• El Cid Campeador between Luzán and Lorca: Recovering a Nineteenth-Century Pop-Culture Favorite

    Author(s):
    Alexander J McNair (see profile)
    Date:
    2020
    Group(s):
    Medieval Studies, Renaissance / Early Modern Studies, Spanish Golden Age Literature
    Subject(s):
    Folklore, Early modern period
    Item Type:
    Conference paper
    Conf. Title:
    Texas Medieval Association
    Conf. Org.:
    Texas Medieval Association, University of North Texas
    Conf. Loc.:
    UNT, Virtual
    Conf. Date:
    2 October 2020
    Tag(s):
    El Cid, Ballads, 1600-1900
    Permanent URL:
    http://dx.doi.org/10.17613/7mqx-s132
    Abstract:
    Only a small number of fragments, which could be categorized (generously) as “medieval,” actually survive in modern ballad traditions. As it turns out, however, one could in fact hear hundreds of verses about the Cid being recited in the streets of Spanish towns and cities in the nineteenth century. But they were verses that survived precisely because those who Luzán called “la gente vulgar” were anything but mindless consumers; their baroque tastes and romantic preferences helped to shape a popular version of El Cid in theaters and on street corners in the eighteenth and nineteenth centuries. This paper will explore examples of pliegos sueltos (broadsides from the hand-press and early machine-press eras) that attest to the popularity of Cidian ballads that trace their roots to the Spanish baroque rather than Medieval folklore.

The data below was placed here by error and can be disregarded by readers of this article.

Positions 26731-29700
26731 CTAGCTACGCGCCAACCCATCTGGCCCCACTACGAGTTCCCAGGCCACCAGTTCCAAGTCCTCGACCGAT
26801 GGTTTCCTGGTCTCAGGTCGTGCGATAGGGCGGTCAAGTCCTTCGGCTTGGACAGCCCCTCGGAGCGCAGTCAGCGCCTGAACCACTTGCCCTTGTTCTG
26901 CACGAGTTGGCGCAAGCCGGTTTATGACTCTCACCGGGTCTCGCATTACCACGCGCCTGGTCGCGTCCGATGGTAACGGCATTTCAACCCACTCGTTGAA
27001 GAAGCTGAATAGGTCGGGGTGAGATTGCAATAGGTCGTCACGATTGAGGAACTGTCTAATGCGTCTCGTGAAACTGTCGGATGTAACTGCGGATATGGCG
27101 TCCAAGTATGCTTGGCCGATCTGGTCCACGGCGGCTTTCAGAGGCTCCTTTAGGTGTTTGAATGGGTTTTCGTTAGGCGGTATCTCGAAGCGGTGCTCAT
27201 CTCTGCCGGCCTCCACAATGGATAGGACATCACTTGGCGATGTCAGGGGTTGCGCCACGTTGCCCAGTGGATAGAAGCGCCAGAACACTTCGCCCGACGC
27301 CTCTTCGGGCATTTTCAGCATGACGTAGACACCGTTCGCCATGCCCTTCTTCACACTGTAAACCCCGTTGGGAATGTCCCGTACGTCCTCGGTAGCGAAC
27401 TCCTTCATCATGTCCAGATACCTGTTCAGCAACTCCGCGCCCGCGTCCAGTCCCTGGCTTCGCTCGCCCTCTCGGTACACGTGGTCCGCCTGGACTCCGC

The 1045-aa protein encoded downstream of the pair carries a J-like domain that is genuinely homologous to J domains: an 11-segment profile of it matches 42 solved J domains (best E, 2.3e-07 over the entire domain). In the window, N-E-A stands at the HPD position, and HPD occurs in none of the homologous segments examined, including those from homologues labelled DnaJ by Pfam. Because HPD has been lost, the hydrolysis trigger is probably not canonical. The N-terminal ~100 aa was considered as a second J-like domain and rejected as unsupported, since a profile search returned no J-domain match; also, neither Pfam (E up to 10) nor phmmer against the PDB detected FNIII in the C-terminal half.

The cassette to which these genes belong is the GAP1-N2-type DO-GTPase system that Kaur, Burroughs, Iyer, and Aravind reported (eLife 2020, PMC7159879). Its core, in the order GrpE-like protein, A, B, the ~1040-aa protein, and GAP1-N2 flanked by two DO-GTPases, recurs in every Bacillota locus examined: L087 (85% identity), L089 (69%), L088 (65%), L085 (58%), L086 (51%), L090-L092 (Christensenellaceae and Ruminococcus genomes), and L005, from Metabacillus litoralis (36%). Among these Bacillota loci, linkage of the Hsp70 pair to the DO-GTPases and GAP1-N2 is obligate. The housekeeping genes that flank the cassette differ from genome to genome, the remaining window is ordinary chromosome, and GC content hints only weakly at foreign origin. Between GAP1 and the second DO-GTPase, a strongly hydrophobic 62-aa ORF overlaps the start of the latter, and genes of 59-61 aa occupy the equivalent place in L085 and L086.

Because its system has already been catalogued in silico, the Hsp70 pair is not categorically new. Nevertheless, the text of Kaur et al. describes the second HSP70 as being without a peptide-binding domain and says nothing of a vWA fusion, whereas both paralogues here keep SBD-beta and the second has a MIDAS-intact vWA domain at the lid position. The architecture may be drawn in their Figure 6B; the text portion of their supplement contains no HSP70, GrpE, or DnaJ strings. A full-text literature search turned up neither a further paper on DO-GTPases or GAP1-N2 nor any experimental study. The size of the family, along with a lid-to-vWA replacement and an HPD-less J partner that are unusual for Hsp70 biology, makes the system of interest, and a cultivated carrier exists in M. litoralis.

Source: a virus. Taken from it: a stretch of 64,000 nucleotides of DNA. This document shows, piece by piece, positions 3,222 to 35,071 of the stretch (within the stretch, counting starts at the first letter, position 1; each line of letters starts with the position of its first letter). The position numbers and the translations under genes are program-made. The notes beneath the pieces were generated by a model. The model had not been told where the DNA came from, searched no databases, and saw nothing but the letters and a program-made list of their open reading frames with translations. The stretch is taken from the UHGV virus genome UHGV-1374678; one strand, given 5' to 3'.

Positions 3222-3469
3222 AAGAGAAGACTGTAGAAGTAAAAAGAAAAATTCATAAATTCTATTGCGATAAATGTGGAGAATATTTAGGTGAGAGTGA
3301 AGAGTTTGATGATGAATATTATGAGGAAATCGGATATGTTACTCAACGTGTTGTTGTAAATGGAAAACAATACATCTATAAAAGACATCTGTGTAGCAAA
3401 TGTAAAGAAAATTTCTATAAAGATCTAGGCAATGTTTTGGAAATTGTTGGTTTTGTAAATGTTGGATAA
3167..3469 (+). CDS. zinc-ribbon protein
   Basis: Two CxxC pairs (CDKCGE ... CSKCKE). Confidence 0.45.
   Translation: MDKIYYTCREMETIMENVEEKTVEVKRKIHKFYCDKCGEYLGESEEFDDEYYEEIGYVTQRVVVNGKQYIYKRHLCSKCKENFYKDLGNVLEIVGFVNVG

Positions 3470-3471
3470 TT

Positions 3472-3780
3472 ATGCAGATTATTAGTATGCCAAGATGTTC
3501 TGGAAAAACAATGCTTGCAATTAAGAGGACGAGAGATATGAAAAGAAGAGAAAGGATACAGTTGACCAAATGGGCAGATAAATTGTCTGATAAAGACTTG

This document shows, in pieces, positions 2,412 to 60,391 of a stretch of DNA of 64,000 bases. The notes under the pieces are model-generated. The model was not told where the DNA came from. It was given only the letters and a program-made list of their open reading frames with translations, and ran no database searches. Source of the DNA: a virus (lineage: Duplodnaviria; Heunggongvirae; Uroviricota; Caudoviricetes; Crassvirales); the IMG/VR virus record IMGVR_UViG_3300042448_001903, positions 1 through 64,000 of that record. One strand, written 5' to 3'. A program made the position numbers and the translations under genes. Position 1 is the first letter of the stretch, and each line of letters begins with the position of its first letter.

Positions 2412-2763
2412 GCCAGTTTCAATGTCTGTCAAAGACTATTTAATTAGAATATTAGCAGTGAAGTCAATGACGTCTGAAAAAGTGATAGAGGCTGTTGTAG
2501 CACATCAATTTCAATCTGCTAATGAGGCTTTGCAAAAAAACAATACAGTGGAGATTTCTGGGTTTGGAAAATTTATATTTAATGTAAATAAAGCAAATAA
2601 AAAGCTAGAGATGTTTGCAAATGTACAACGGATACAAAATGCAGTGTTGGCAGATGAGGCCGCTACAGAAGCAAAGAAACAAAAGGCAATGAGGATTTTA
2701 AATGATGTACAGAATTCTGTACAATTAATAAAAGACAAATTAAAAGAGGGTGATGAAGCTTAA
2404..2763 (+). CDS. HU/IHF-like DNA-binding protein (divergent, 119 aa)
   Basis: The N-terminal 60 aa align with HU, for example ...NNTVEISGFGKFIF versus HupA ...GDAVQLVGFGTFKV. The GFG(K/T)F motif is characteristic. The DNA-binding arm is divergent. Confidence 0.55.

Metadata:
    Status:
    Published
    Last Updated:
    1 year ago
    License:
    All Rights Reserved
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